I’m here in Gothenburg, Sweden attending an Action Research conference hosted by the Action Research Plus Foundation in partnership with Sustainable Development Goals (SDG) Transformation Forum, a global co-design team of action researchers and Chalmers University to explore large scale systemic challenges (climate change, health care, education, social inequality, etc.) through the lens of Action Research.
It took five days of travel via Singapore, Dubai and Copenhagen to get here. The weather is rainy-steel but I am surprisingly warm, thanks to my Australian compatriots who lent the down coat, leather gloves and woollen socks. As they say in Norway, “there’s no such thing as bad weather, only bad clothes!”
I’m renting a charming 6th floor, “room of her own,” apartment with rooftop views. My days comprise of city walks, contemplative reflection, learning, action and writing. I am grateful for this dedicated time in a Metamodern European city (see our beloved “Hanzi” at METAMODERNA) to apply knowledge in service to my own development and to that of my clients.
Love you Copenhagen Airport!
My purpose for attending the conference is two-fold: (i) I am currently doing research as part of my masters degree on surprise seeking, adventurous, creative and transformational learning experiences for educational leaders and (ii) I am responding to a series of client projects that integrate Design Thinking with Participatory Action Research within educational contexts.
What is Action Research? Leading scholar-practitioner, Hilary Bradbury, defines it as follows:
“Action research is a democratic and participative orientation to knowledge creation. It brings together action and reflection, theory and practice, in the pursuit of practical solutions to issues of pressing concern”(Bradbury, 2016, Sage Handbook of Action Research, p. 1).
Like Human Centred Design, action research holds a learn-by-doing perspective with an emphasis on researching with, rather than on, for or about people.
I come with two questions that inform my research and professional practice:
How might the best of Design and the best of Action Research combine to help prepare humanity for skilful navigation of complex adaptive systems?
How might improvisational music making prepare learners with the skills they need to thrive amidst volatile, uncertain, complex and ambiguous conditions?
One of my first encounters was with transformational systems thinkers, Anthony Hodgson and Bill Sharp. Some of you may know them as the co-developers of the, Three Horizons, model. Needless to say, they are modern day elder-heroes. Here is Kate Raworth, author of, Doughnut Economics, eloquently describing the model in action:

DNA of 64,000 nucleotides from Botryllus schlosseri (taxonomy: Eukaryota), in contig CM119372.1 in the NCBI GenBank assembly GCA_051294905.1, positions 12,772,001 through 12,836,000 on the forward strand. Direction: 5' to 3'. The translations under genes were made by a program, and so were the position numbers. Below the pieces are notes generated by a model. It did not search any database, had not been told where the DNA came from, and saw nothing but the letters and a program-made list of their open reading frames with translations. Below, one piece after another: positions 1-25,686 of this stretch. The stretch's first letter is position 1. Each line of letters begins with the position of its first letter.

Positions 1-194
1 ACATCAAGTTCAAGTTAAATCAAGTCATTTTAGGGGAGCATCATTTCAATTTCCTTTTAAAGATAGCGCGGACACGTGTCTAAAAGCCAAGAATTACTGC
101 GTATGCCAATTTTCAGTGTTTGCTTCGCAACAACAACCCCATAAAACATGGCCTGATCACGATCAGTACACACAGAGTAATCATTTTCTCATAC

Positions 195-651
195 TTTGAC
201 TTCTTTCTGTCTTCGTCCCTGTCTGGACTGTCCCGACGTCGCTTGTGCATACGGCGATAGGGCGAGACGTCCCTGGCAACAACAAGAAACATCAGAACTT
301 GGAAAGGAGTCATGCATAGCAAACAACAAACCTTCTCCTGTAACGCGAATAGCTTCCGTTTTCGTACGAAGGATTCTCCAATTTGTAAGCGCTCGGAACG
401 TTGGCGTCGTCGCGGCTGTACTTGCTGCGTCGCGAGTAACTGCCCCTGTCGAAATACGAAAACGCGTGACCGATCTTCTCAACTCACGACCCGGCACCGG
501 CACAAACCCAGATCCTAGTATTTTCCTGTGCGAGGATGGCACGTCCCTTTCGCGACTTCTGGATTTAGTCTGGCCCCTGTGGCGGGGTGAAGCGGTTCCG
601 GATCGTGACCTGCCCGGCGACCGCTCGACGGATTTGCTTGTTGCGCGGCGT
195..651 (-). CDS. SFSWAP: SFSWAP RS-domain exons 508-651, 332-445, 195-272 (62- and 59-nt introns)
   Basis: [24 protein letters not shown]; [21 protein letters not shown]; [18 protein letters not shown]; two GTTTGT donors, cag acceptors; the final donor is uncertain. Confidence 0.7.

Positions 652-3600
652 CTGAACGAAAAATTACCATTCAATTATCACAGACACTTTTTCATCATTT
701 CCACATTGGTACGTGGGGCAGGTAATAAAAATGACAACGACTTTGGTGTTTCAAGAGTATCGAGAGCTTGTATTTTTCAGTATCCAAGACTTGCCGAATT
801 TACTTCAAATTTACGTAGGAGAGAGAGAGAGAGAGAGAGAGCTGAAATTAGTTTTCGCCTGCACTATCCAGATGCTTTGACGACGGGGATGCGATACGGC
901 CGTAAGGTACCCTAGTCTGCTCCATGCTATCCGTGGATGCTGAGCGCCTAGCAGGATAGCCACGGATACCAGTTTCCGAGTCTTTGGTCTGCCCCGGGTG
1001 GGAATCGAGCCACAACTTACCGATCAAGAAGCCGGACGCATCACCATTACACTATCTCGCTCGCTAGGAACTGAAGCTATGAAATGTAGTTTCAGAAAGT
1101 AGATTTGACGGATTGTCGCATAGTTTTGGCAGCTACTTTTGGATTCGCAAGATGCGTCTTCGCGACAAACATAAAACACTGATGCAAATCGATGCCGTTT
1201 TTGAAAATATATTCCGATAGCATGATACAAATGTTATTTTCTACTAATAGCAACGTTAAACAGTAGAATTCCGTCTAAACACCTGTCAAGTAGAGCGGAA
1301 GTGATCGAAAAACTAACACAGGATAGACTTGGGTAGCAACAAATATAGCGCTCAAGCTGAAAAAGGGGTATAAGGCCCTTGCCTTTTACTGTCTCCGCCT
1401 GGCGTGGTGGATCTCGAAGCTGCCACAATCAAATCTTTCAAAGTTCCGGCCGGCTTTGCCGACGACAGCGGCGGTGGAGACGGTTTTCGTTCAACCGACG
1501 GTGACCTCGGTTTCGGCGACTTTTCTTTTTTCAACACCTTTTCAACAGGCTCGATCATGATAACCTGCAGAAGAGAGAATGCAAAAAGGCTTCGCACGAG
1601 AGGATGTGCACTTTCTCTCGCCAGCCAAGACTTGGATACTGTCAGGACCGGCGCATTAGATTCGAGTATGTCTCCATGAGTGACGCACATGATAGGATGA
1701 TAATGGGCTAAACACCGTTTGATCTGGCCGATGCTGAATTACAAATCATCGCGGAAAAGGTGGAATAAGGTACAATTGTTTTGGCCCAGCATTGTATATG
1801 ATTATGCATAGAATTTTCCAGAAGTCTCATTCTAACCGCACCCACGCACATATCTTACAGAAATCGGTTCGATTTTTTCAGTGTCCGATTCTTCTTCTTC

Three Horizons Video by Kate Raworth
I also spent brief amounts of time in humble conversation with Karen O’Brien and Colleen Vogel, both members of the IPPC team that won the Nobel Peace Prize for their contributions to the 4th assessment report together with Al Gore and many others.
I would like to add that I might have quite possibly broken bread with Costa Rica’s future president! BTW, did you know that Costa Ricans source 98.5% of their energy from a combination of renewable sources and have done so since the 1930s?
Oh, and in answer to my first inquiry, I've been spending quite a bit of time differentiating Design from Action Research (AR) in order to then synthesise the two approaches. Here's what I've discovered thus far...
Both share the same epistemological origins in the late 19th century American philosophy of Pragmatism, which (sorry to be reductionist here) focuses on a learning-by-doing approach. So, you could say these two disciplines are actually metaphorical siblings!
Action Researchers see their approach as: (i) an ongoing way of being that integrates a curious mindset with (ii) participatory values grounded in the principles of mutuality (ii) following a spiral of inquiry process that pivots between divergent inquiry and convergent action (iv) whilst enacting 3 core behaviours - probing, sensing and responding (did anyone catch the Integral breakdown I've provided here?)
Human Centred Designers (HCD) might actually make the same claims about their own approach. The one differentiator, which I gleaned from fellow educationalist, Alfredo Ortiz, Associate Professor at the Dreeben School of Education, is that HCD is often applied on a project-by-project basis, whereas Action Research is in ongoing way of thinking, doing and being that constantly seeks to improve practice.
My take on this is kind of 'fractal'. That is, you can parachute AR into a Design process and vice versa, depending on where the gaps are. For example, I am currently delivering Design Thinking practices into an Action Research cycle for an education client that is seeking to explore and implement Innovative Learning Environments across their school system. We are borrowing the divergence/convergence dynamic, plus some brainstorming tools and incorporating into the larger AR transformation journey. However, I've also led Design Thinking workshops where I've used a variation on the World Cafe game to invoke the spirit of genuine curiosity via powerful questions on live design projects led by educators committed to transforming their practice.
Next steps? A deeper dive into the role improvisational music making can play in growing our capacities to navigate complexity. All in the spirit of surprise seeking, adventurous, creative and transformational learning experiences for educational leaders.
In deep appreciate for the privilege and opportunity to rub shoulders with a cohort of passionate change-leaders-researchers from all over the world (Ethiopia, Costa Rica, The Philippines, Columbia, Turkey, Italy, Norway, Sweden, USA, Hungary, South Africa, Germany, Austria, New Zealand, Switzerland, UK, The Netherlands, etc.), I venture forth with open mind, open heart, open will and open hands.
From Gothenburg with love...